Mesh Potato HOWTOs

SECN Firmware

What to do if you can not connect to the MP anymore - using the Fallback-IP

This can easily happen if you are messing around with the IP settings of the MP. Luckily the MP has a additional IP subnet at the Ethernet port that can not be changed or disabled from a web interface. If you manage to break the fallback mechanism as well follow the steps in the disaster recovery section [1].

On your PC configure the Ethernet port to use (netmask You can add multiple IP addresses to each interface, so you don't have to reconfigure it if you need other addresses as well. Assuming the Ethernet port is eth0, the CLI (command line interface) command is:

sudo ifconfig eth0:0 
sudo ifconfig eth0 up

Now you can access the MP @

If you are using Ubuntu, it may be better to do it with the Ubuntu Networkmanager GUI.

Preliminary Mesh Potato firmware disaster recovery HOWTO

Reflash the firmware from RedBoot

There is no serial console when the OpenWrt firmware has finished booting. The FXS interface is connected to the single serial port of the AR2317 chip and the drivers for the FXS interface get loaded on bootup. You can use the serial console (with a RS232 level converter) to connect to RedBoot. But you don't need to do that, RedBoot also supports Telnet.

Detect the IP address of the bootloader

I have noted that Atcom has configured a different bootloader (RedBoot) IP address on the beta production MPs - outsch!

The first 500 Mesh Potatoes (September 2010) look for your TFTP is configured in

RedBoot> ip_addr
IP:, Gateway:
Default server:

I don't know if Atcom has set these parameters for all the beta production MPs.

If you need to find out the RedBoot IP I suggest you install "nmap" on your computer and use the following script:

 while (true); do nmap -sP | grep "is up" ; done 

Configure your workstation to use IP, netmask

Start the script and power-cycle the MP. (You can stop the script with Ctrl+C when you are done.)

Scanning the full IP range takes > 5 seconds on my machine. The RedBoot timeout might be configured to 3 or 5 seconds, so you may need more than one try. (i.e. power-cycle the MP, wait a while, if no host is found, power-cyle it again) If you wait for too long the script will detect This response will come from the OpenWrt firmware which if it is already up and running.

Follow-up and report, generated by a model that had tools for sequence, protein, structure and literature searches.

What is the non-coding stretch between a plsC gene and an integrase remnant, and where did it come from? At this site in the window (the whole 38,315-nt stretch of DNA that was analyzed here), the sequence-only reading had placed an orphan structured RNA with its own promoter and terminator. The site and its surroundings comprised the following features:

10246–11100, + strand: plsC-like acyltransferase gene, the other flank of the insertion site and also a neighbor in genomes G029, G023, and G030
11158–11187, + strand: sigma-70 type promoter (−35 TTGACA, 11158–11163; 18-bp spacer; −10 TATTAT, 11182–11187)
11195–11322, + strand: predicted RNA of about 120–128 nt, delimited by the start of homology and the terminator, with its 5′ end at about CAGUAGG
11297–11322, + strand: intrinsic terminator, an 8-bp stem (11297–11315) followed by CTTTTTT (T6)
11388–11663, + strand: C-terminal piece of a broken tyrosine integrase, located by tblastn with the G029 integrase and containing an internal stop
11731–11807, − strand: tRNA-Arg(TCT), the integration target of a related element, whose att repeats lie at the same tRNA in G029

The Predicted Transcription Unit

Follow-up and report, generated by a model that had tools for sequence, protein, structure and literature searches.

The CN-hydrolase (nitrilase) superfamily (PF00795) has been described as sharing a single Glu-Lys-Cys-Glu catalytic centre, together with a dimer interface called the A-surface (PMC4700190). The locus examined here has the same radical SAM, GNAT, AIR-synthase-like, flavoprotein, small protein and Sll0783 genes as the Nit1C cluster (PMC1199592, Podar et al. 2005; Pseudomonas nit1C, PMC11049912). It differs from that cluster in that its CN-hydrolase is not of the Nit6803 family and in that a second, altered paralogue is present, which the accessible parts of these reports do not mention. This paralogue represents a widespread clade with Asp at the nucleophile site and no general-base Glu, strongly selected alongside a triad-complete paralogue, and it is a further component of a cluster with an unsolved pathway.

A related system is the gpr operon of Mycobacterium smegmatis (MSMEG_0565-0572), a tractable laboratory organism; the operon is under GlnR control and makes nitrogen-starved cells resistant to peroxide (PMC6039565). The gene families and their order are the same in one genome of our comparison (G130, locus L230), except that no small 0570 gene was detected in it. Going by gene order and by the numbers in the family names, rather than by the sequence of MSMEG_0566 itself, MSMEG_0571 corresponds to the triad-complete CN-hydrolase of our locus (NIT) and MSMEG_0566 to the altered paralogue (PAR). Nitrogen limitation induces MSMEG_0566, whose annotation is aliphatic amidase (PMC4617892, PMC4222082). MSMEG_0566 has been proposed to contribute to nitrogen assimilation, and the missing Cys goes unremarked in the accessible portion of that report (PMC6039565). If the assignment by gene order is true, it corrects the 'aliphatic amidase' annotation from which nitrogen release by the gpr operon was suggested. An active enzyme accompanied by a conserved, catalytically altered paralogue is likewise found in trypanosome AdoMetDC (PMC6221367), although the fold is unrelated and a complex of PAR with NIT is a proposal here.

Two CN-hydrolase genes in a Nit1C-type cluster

You might want to fix this problem once you are connected to RedBoot.


RedBoot> fconfig
Run script at boot: true
Boot script: 
.. fis load -l vmlinux.bin.l7
.. exec
Enter script, terminate with empty line
>>  fis load -l vmlinux.bin.l7
>> exec
Boot script timeout (1000ms resolution): 5
Use BOOTP for network configuration: false
Gateway IP address:
Local IP address:
Local IP address mask:
Default server IP address:
Console baud rate: 9600
GDB connection port: 9000
Force console for special debug messages: false
Network debug at boot time: false
Update RedBoot non-volatile configuration - continue (y/n)? y
... Erase from 0xa83d0000-0xa83e0000: .
... Program from 0x80ff0000-0x81000000 at 0xa83d0000: .

This will set the RedBoot IP to The TFTP server (your workstation) that RedBoot is trying to connect to if you flash the firmware via RedBoot is now

Setting up your workstation for TFTP flashing

Install a TFTP server. Open a terminal, become system administrator "root":

 sudo su 

Install a TFTP server like atftpd - using Debian or Ubuntu you can just perform:

 apt-get install atftpd 

Create a directory /tftpboot:

 mkdir /tftpboot 

If your Linux distribution installs / runs inetd - stop it.

Start the TFTP server:

 atftpd --daemon 

Copy openwrt-atheros-root.squashfs and openwrt-atheros-vmlinux.lzma from [2] into the /tftpboot directory.

Set up your workstation Ethernet interface to use

Install "putty" (don't use the default Linux telnet client).

Start putty.

Configure putty to connect to the MP IP configured in RedBoot (should be using the Telnet protocol on port 9000. Hint: Save this as a profile in putty, in case you need it again ;-)

Open a console and continuously ping (There will be no response yet)

Power-cycle the MP.

As soon as you get a ping response from the MP hit the "Connect" button in putty. You have got 5 seconds.

You should be connected to the MP bootloader command line interface now.

Reflash the firmware: [3]

Now the MP is back to factory settings.

Help - My Mesh Potato Can't Make Calls!

subtitle "how to debug your Beta Mesh Potato".

You have set up you beta Mesh Potato IPs but can't make calls. Here are some basic tests:

1. Can you hear dial tone in a phone connected to the MP? If not open the box and check if the FXS module is properly seated. Some of the modules have come loose while shipping.

2. Check you mesh network. Telnet/ssh into your MP and:

batctl o 

You should see the MAC addresses of the other MP(s) on your mesh. If you see no other MAC addresses then check your Wifi settings are identical except for the IP. These can be checked in /etc/config/wireless or via the GUI. Also compare "iwconfig ath0" on both MPs and "ifconfig ath0".

3. Try pinging one MP from the other.

4. On each MP, dial 4001. This performs an echo test. Can you hear your own voice coming back to you?

5. Start an Asterisk CLI and see what happens when you dial an IP: